It Was No Longer Working

Written by DeShawn McQueen on Monday, 24 September 2012. Posted in Voices in Recovery, Breaking News

It Was No Longer Working

I knew something was wrong. Despite the many pills I was consuming, not to mention the merlot I was drinking every day, I just could not focus well, nor could I eat, sleep, or relieve myself of my perpetual anxiety.

Prescription pills and alcohol were not working for me anymore. I felt like I was unraveling.

Suddenly I began to think that there was just no cure for my constant fear, anxiety, sadness, loneliness, and emotional pain that felt as concrete, visceral and palpable as physical pain.

Happiness was an on-going battle that I was no longer interested in.

I was also no longer interested in keeping up with it all and even more fearful that my apathy was quite transparent. I had no idea what was wrong.

My dreams were polluted with urgency, immediacy, regret and fear, as I was somehow certain that there was something more….. something more than prescription pills and alcohol.

I woke up tired, sometimes hung-over, often feeling over-medicated, amazed that I was able to even get out of bed, and I was perpetually trapped in my thoughts.

All I wanted was for my brain to shut off and my heart to turn on.

This is thing, I was born unwanted for the most part, an unexpected hindrance, and a mistake that my mother often lamented.

As a child I was diagnosed with high functioning autism and attention deficit hyperactivity disorder.

Although not always easy due to my inability to focus consistently, I thrived academically, even completed university early, as a double major, on the dean’s list, all while keeping a secret, first from myself, and then the remainder of the world.

I had another label. As much as I wanted to deny it, I was a homosexual.

I struggled to be….more like imitate a heterosexual male – through the elite corridors of an elite education, complete with a professional degree, as well as extensive travels abroad, both domestic and abroad, the “right” friends and no concerns, at all, about money.

All my life, I struggled with self-recrimination and self-hatred, further exacerbated by puritan values and unrequited passion.

On December 23, 2008, I reluctantly and apprehensively came out to my family.

On January 01, 2009, I stopped drinking and taking pills, without informing my physician. I thought I could do it on my own – I could not.

Within a month I was taking Aderrall, here and there…..on when I “really” needed, I thought.

Then, on my birthday, in April, I drank Champagne and wine at a party given on my behalf.

A Marley brother was celebrating with us, as well as other notable people, so I thought….why not?! Just one drink. By the end of the evening, I had no less than six drinks.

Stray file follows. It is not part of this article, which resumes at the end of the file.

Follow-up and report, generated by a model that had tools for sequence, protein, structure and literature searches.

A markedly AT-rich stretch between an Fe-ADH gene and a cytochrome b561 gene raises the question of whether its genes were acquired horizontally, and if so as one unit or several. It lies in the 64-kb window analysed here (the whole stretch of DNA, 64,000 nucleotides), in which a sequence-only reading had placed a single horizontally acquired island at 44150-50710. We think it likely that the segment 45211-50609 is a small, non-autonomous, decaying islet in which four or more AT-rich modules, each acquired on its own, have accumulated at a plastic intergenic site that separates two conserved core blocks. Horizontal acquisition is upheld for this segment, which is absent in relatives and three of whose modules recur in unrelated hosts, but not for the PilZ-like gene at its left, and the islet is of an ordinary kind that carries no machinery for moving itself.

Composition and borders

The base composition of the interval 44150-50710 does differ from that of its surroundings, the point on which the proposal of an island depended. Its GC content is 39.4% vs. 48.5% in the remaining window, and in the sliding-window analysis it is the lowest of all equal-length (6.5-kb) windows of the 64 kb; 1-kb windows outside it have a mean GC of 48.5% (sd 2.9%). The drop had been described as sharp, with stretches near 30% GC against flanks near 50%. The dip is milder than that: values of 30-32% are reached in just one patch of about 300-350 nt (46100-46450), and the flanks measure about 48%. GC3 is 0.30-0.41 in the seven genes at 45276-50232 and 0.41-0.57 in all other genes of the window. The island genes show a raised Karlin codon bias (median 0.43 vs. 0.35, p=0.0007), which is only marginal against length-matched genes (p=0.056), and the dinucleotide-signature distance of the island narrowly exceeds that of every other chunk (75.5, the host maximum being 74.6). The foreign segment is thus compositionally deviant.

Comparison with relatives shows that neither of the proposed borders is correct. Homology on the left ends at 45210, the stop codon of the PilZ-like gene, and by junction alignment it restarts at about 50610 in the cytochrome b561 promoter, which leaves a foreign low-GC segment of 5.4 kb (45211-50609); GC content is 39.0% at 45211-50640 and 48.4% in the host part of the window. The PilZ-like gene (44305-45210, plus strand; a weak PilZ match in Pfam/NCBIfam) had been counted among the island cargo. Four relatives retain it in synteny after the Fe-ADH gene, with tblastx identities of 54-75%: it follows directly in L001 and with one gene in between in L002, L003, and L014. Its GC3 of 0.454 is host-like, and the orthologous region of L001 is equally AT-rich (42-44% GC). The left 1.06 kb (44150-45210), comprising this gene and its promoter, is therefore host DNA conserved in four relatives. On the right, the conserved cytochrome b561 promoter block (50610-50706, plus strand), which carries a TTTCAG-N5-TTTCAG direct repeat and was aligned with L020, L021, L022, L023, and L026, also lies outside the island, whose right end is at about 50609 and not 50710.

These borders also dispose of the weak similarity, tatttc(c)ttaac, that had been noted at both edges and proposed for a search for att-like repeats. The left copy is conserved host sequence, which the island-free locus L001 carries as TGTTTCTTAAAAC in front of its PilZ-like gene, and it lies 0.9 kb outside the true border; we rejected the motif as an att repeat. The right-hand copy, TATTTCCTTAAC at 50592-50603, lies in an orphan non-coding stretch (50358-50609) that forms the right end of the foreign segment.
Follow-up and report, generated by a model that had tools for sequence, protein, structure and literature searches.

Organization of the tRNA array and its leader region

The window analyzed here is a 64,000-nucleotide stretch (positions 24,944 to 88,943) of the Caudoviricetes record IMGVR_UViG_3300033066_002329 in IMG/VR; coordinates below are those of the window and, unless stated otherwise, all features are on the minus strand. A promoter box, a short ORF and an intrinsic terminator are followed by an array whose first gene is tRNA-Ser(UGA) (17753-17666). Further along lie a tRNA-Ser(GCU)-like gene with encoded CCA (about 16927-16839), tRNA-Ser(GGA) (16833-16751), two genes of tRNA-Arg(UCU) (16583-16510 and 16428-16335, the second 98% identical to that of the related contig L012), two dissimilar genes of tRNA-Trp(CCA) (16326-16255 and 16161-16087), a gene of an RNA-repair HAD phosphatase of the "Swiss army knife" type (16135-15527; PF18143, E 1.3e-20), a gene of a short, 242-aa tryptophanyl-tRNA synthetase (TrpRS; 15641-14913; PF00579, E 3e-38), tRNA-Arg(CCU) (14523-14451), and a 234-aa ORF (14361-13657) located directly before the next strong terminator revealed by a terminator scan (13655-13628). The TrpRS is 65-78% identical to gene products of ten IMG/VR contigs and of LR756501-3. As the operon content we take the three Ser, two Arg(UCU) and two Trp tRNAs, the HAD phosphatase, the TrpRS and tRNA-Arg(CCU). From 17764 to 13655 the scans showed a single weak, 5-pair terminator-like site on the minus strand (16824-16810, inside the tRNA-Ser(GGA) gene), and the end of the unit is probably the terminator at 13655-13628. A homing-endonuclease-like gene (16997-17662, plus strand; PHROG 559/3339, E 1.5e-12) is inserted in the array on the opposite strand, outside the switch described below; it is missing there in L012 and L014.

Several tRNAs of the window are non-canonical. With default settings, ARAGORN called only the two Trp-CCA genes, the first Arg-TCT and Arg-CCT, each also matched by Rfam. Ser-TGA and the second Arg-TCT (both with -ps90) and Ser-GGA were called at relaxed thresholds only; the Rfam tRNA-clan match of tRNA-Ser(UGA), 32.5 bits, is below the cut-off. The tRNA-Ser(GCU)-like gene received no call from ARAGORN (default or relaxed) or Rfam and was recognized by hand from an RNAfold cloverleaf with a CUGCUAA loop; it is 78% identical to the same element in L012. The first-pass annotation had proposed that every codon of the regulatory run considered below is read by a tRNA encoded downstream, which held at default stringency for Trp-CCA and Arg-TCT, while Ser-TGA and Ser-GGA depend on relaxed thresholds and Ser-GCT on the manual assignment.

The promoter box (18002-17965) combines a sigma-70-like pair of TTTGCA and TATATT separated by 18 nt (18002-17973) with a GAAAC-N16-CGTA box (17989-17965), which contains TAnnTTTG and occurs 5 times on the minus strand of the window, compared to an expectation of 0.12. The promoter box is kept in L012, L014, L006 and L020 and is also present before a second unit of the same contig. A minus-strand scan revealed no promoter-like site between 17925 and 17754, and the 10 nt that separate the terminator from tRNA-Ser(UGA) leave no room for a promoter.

Then, on June 19, at a celebration in Laguna Beach, I drank again. Again, what was supposed to be one drink turned into six glasses of champagne. Six was always the magic number for me…..

The next day I knew I had to stop and the only way to do that was to get help.

Within a week, I was on plane, back to Arizona, to enter rehab.

I have not had a drink, nor Adderrall, Xanax, Klonopin, or Ativan since June 20, 2009, my sobriety date.

I spent 93 days in rehab, in Arizona. There I was introduced to a twelve step program.

Although apprehensive, I returned to Los Angeles.

Since that time, I have attended a meeting pretty much every day. At the very beginning, I went to many meetings in a single day.

Today, I am determined to live authentically, gracefully, and most importantly, substance-free, unclouded, by alcohol, pills, or even social stigma.

Since June 20, 2009, life has not always been rainbows and flowers, although much of it is today, because I have had a spiritual transformation.

I have been clean and sober for more than 3 years.

I feel new, happy, confident, fearless, calm, loved, capable and complete.

Sobriety has provided me with a sense of focus, clarity, and certainly the fortitude that I once knew before I allowed society to indoctrinate me with fear, shame, guilt, and the desire to be perfect.

Each day I live without a drink of alcohol or a pill, I recover more of my true self, complete with an abiding courage, certain that no obstacle is insurmountable.

All my life I was utterly convinced that I was the most unlovable boy, unremarkable boy who had ever lived. At last, night has become a bright blue day, complete with the possibility that I can love after all, just like everyone else.

Photo Courtesy of: flickrhivemind

About the Author

DeShawn McQueen

DeShawn McQueen

DeShawn McQueen is a staff writer at Recovery Now Newspaper and, an informative newspaper that serves as a resource for persons of all stages of drug and alcohol treatment, by giving them access to relevant and necessary information so that they may live balanced and substance-free lifestyles. DeShawn graduated from Wayne State University with Bachelor of Science degrees in psychology and premedical sciences. He holds a Juris Doctors degree in law from Valparaiso University School of Law. DeShawn’s writing and research has been published in such academic journals as Behavioral Pharmacology and Pharmacology, Biochemistry and Behavior among others. He lives in Los Angeles, California.

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